Evolving negativity: From Hegel to Derrida

Philosophy and Social Criticism 28 (1):18-58 (2002)
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Abstract

Despite accusations of irresponsibility and negativity, Jacques Derrida's deconstruction has had an immense influence on contemporary social, political and cultural critique. 'Evolving negativity' offers a preliminary explanation of this influence by tracing the philosophical 'family tree' that links deconstruction to German Critical Theory via the Frankfurt School. The paper explores the origins of a certain dynamic and productive notion of negativity in Hegel's dialectic and describes its 'evolution' in the works of Max Horkheimer and Theodor Adorno as a process of de-determination that finds its culmination in Derrida's notion of 'différance'. Set free of its totalizing, teleological force, Derrida's negativity as 'différance' is compared with Hegel's more general and generative notion of Negativität. The paper concludes that for this branch of 'critical' thinking, to flourish in the shadow of Hegel means also to be continually reinventing his respect for difference and negativity, and transforming it to respond to the questions of the present. Key Words: Adorno • Critical Theory • deconstruction • Derrida • dialectic • différance • difference • Hegel • Horkheimer • negativity.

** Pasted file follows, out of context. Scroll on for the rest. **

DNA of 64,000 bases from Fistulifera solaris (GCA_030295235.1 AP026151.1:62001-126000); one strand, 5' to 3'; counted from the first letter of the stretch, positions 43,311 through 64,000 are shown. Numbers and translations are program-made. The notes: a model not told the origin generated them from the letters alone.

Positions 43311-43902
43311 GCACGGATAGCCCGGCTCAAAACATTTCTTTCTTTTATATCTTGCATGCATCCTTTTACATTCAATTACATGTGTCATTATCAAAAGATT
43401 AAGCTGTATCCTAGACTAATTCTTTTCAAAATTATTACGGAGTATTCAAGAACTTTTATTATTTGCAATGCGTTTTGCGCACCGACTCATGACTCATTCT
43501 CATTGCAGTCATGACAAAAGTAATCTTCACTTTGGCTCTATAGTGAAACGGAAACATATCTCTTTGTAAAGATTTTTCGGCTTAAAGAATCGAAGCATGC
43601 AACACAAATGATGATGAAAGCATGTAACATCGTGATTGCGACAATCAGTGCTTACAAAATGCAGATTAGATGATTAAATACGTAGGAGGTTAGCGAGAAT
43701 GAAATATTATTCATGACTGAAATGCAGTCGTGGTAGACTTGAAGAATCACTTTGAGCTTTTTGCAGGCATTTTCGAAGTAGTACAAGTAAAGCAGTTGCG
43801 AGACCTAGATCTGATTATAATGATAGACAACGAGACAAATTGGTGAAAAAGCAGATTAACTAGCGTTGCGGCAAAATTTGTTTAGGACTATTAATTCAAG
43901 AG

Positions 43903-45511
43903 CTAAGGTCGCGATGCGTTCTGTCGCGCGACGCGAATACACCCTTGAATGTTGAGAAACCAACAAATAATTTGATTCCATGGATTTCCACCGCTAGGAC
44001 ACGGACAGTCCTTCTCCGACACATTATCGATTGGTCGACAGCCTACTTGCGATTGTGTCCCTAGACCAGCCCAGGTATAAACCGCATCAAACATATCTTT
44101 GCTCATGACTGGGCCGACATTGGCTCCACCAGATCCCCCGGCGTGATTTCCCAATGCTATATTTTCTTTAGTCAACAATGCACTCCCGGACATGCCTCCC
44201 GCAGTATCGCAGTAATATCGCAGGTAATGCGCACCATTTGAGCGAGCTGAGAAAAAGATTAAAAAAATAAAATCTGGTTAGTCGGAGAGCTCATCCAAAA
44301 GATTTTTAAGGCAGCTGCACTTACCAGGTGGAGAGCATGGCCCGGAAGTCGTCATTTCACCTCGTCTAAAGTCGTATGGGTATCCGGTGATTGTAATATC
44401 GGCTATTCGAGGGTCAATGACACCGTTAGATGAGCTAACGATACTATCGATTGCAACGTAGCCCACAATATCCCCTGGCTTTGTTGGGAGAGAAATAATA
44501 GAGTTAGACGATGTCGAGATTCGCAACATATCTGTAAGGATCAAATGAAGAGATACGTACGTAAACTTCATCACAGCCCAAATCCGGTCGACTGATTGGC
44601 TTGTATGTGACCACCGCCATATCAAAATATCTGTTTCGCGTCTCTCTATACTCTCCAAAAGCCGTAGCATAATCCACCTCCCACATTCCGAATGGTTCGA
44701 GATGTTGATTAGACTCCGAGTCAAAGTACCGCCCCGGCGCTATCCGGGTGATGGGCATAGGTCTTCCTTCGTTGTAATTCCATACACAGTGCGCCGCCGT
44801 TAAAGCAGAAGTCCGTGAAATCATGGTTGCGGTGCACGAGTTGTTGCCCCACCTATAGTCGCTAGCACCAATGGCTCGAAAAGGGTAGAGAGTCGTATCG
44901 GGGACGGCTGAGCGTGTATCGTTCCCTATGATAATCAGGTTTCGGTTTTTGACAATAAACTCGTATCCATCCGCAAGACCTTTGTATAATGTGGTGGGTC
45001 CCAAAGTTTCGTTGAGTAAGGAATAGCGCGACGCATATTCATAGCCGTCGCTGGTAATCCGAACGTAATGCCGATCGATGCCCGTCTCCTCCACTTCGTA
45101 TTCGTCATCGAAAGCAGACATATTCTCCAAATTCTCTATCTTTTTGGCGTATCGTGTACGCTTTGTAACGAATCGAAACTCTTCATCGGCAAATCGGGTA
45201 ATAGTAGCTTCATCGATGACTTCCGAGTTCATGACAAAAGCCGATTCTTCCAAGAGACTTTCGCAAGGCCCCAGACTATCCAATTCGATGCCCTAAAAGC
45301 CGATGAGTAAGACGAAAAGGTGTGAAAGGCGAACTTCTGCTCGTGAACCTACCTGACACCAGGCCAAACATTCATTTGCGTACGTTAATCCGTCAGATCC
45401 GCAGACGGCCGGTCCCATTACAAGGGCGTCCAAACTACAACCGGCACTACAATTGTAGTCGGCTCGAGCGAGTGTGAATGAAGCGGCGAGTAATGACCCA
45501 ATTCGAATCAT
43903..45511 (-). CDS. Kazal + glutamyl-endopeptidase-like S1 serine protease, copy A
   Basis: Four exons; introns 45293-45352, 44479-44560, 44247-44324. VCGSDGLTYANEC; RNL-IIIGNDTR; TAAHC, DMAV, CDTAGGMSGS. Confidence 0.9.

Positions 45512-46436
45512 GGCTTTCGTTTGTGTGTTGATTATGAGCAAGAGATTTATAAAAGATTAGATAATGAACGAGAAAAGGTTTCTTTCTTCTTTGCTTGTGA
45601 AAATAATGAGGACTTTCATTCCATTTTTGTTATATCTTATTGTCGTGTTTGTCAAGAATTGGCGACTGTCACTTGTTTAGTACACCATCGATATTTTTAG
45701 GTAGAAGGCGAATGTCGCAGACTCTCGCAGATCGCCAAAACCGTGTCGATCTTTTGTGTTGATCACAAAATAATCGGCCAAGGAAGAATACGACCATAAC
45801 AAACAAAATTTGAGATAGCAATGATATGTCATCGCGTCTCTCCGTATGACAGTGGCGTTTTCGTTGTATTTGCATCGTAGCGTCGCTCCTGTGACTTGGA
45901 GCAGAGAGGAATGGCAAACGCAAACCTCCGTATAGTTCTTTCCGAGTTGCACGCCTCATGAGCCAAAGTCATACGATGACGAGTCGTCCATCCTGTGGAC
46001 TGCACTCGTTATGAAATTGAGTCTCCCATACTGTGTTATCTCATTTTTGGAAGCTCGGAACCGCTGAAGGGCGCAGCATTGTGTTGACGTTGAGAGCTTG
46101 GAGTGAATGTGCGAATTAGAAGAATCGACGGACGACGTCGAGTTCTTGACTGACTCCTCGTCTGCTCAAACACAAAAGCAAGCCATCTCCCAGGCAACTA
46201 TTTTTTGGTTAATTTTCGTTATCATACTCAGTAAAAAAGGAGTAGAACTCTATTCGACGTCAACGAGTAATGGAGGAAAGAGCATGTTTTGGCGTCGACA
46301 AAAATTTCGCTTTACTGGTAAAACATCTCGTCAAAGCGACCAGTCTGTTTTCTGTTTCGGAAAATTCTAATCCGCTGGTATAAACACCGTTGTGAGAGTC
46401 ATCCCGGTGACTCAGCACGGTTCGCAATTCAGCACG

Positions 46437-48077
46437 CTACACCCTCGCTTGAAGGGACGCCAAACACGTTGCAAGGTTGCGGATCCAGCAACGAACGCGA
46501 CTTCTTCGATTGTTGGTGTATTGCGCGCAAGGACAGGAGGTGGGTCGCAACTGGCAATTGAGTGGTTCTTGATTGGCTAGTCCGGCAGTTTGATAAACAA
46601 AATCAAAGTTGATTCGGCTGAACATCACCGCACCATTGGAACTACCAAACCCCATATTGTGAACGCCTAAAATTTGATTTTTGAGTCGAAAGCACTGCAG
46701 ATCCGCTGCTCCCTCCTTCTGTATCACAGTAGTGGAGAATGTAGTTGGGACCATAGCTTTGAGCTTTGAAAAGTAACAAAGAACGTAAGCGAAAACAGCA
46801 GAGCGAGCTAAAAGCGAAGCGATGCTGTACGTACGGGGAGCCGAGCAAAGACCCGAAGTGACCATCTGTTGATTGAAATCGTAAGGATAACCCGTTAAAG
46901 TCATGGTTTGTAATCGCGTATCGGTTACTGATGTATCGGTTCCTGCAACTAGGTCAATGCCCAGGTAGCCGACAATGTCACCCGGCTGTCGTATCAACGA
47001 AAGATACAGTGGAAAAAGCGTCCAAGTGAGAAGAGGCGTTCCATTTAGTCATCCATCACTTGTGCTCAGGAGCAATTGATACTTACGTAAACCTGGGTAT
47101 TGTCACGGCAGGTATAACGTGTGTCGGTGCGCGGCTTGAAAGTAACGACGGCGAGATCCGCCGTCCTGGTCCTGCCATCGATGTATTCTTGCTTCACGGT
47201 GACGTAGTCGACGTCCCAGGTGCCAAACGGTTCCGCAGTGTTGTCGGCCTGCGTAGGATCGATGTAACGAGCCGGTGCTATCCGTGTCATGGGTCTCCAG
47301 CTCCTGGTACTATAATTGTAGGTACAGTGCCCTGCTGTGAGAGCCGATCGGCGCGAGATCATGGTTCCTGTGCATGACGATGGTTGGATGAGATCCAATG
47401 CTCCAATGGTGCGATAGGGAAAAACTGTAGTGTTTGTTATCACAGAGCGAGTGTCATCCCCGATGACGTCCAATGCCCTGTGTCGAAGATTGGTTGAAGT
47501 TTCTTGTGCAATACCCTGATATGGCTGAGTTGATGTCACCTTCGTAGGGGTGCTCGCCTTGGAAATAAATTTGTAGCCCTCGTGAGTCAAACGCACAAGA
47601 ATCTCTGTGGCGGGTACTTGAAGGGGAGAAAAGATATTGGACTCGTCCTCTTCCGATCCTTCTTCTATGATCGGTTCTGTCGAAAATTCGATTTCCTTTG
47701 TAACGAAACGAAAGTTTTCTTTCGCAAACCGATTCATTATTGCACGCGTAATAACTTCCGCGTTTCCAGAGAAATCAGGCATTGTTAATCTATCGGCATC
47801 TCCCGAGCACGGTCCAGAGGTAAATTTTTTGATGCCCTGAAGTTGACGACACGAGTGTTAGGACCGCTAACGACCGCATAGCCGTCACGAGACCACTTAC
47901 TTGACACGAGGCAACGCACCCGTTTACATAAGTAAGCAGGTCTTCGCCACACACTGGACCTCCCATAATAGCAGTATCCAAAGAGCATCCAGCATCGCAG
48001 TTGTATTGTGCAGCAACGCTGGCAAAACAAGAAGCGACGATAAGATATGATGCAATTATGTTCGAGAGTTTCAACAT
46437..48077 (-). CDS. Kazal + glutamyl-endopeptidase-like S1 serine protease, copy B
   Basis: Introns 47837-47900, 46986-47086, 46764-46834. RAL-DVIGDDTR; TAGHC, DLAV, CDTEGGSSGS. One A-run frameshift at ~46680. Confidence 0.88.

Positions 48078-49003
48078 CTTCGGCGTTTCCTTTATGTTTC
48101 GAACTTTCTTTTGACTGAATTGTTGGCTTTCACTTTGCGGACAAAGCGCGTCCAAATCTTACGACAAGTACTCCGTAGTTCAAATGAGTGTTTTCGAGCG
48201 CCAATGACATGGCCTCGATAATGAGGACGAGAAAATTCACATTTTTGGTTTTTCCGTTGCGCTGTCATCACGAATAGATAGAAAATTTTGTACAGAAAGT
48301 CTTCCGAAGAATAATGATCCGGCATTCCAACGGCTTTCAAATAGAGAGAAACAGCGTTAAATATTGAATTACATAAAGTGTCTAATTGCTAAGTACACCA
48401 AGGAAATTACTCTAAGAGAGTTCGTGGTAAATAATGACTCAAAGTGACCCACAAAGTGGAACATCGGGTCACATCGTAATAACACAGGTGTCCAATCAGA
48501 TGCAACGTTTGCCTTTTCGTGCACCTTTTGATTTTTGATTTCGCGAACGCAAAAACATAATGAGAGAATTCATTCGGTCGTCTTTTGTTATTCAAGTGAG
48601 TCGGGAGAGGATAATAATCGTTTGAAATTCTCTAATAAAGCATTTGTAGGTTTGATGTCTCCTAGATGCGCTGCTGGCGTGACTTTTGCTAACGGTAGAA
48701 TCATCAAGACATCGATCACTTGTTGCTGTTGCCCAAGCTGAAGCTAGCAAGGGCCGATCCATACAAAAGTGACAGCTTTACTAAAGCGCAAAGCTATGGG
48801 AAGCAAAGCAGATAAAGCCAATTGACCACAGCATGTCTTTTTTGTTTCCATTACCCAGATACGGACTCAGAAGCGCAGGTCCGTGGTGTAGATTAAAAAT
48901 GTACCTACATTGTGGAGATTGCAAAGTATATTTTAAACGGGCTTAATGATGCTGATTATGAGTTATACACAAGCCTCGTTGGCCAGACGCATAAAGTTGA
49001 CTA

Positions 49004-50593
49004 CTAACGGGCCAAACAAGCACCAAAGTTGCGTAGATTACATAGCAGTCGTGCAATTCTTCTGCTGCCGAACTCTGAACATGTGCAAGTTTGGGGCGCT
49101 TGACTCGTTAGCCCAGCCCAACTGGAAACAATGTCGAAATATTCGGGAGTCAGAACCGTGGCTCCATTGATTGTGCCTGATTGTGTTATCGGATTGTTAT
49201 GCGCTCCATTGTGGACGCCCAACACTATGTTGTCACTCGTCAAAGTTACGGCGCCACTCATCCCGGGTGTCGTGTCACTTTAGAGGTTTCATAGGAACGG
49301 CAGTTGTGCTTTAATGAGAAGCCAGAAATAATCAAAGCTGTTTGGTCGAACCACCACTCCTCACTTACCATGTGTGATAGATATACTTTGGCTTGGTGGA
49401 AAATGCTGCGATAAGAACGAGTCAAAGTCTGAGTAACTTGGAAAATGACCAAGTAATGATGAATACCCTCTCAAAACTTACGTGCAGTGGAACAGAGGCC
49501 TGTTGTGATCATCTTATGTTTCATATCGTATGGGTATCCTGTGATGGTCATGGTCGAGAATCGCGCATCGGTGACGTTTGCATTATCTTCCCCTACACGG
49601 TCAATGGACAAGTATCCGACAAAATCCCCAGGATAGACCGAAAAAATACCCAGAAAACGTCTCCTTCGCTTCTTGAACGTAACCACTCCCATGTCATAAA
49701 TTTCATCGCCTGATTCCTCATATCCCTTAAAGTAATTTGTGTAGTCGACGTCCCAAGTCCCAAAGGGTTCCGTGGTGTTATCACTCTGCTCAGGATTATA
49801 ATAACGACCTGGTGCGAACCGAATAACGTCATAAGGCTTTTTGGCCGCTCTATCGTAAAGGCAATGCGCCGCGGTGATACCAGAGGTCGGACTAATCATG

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Nina Belmonte
University of Victoria

References found in this work

Derrida: The Reader.Simon Critchley - 2006 - Epoché: A Journal for the History of Philosophy 10 (2):315-326.

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